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World Without Crows Review

The World Without CrowsThe World Without Crows is both a coming of age story and a post-apocalyptic novel.

The Plot

In 1989 a parasite, commonly called the Vacca B, brought about the end of the world.  A year later our protagonist, Eric, decides to walk from Ohio to Maine in search of an island in a middle of a lake from his childhood.

The Vacca B turns people into zombies, but not traditionally.  The zombies in the book are mostly non-issues.  People who just kind of sit and stare into space and ignore you.  Some of the zombies are “Cracked” and thus more violent, but even they seem to be a non-issue in the novel, rarely making appearances.  Animals can also be infected with the Vacca B and more of the animals seemed to be “cracked” than humans.

My Thoughts

It was a good story and a fast read but seemed to be lacking a few things.  The author uses small sort sentences to tell the story instead of being more descriptive and showing you the scenes.  For example:

“He would have to walk.”
“She was in the street.  Someone had shot her.”

And we don’t delve too deeply into anyone’s thoughts, which makes it hard for the reader to really feel anything about anyone.  There is little, if any, emotion connected to the deaths in Eric’s travels.

You also don’t get any backstory on the characters.  Normally I’m not a fan of flashbacks but would have made an exception in this case becauseThe World Without Crows is full of so many potentially amazing characters who are just kind of there.

Should You Read It

If you want an intensely emotional or scare read, this book is not for you.

This does not mean it was a bad book.  I finished it in a matter of days and it makes for a quick summer read and would rate it 3 out of 5 stars and you recommend it to a teen or young adult who is looking to ease into the horror or zombie genre.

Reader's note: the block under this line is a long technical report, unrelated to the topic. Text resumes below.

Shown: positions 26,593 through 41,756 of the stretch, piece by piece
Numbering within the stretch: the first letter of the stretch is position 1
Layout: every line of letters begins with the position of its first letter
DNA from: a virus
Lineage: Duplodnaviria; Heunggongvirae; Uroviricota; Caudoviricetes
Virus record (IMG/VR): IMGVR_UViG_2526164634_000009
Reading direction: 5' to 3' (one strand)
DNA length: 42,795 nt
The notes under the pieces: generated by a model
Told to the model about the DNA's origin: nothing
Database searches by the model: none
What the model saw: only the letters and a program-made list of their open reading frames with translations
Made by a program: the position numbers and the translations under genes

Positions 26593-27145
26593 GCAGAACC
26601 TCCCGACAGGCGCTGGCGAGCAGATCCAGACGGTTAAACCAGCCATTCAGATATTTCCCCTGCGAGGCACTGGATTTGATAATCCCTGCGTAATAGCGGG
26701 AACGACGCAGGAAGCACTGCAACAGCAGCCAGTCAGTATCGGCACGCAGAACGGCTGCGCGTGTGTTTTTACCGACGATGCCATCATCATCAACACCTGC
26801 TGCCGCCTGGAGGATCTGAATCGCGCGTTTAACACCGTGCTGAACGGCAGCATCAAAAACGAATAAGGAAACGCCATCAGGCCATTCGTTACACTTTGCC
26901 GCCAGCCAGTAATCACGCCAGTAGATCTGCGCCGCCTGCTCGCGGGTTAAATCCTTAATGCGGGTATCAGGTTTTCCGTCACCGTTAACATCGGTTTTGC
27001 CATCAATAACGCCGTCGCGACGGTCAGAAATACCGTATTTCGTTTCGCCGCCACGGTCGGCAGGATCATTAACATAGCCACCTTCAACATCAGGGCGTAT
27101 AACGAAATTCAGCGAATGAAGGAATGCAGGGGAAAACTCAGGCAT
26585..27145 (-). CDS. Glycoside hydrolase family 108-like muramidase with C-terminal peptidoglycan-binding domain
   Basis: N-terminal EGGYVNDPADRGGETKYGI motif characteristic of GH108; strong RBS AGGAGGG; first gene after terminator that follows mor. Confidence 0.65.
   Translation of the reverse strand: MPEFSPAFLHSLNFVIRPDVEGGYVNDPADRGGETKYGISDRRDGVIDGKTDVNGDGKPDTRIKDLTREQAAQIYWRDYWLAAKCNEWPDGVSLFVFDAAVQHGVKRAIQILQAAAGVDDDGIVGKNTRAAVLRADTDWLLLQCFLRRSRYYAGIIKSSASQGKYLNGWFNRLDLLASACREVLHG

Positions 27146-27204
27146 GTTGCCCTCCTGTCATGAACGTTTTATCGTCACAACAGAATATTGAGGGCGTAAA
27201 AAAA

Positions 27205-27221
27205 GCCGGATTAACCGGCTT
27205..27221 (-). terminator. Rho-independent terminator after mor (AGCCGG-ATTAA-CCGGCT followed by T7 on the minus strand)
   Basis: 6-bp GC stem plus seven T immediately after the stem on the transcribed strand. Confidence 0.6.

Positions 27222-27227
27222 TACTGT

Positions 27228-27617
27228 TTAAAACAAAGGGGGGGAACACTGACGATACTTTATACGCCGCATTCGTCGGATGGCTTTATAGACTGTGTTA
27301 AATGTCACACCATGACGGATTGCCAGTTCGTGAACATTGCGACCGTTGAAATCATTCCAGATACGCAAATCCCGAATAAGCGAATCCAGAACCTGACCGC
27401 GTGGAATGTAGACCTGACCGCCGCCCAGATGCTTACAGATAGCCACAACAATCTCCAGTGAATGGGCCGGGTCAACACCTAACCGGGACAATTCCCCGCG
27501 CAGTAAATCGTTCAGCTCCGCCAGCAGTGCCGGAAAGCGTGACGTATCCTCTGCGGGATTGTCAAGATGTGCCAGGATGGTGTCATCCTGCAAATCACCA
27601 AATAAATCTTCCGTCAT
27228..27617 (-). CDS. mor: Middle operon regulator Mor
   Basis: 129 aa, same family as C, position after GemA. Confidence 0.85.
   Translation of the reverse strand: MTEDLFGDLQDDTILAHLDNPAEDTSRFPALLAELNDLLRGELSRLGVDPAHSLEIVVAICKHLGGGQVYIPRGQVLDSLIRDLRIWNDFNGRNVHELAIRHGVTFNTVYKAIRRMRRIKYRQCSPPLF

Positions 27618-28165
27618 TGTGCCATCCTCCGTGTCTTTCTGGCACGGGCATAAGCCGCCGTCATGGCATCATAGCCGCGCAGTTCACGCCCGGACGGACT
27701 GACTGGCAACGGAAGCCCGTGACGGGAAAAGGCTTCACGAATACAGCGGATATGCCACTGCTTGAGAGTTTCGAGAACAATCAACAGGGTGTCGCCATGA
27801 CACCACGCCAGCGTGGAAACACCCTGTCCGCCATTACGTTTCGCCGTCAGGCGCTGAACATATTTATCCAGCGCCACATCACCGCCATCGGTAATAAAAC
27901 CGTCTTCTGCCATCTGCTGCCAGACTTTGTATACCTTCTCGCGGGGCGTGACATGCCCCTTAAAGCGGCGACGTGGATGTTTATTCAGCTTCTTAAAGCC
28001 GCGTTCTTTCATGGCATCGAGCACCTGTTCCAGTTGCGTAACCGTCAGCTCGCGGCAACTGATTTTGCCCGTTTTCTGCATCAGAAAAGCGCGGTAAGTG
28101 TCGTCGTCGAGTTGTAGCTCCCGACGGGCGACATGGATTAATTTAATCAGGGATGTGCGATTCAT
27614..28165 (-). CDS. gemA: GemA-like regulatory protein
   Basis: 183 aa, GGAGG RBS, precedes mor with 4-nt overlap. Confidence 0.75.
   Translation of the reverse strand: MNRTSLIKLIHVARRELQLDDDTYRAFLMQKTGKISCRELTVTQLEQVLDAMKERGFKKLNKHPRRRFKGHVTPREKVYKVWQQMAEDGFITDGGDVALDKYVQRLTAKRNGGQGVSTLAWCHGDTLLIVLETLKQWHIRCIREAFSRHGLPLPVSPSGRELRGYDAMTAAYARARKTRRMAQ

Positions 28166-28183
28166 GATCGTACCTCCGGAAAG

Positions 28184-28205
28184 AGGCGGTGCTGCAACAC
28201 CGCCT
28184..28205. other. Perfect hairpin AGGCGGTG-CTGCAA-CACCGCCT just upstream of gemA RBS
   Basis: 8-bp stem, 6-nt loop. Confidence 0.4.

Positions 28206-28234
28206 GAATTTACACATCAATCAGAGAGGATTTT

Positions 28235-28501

If you would like to give it a read you can buy the ebook or the paperback through Amazon.

Or if you want a slightly more intense zombie novel with a similar theme of traveling to a certain destination in a post-zombie world, you could check out Red Hill by Jamie McGuire.

The Author

Ben Lyle Bedard is the author of The World Without Crows.  He chose to self-publish and markets this novel on his own.  You can find out more about him and his novel on his Website The Blog of Ben.

(I won a free copy of this book from a Goodreads Giveaway.  All thoughts and opinions are my own.)

If you are looking for something else to read, you might want to look at some of my other reviews.

Full Wolf Moon
Camp So-and-So
and MORE.

Or, visit Wild Verbs to read some of the fiction that I have written myself.


  1. Great review, Winona. I love the title, but anything even remotely about Zombies or anything else on my scary list, would give me nightmares. But I know a young (almost) adult who would probably enjoy the book. Thanks for the sharing your thoughts on it. 🙂

  2. I am sure I would love this book, thanks for the review.

  3. The dystopias are starting to blur together in my mind. If a writer’s goal is to make people think about a problem, then a tersely sketched dystopia that doesn’t get too graphic about its horrors, that is just sooo much less pleasant than the real world the writer wants us to conserve, might be the best form for a novel.

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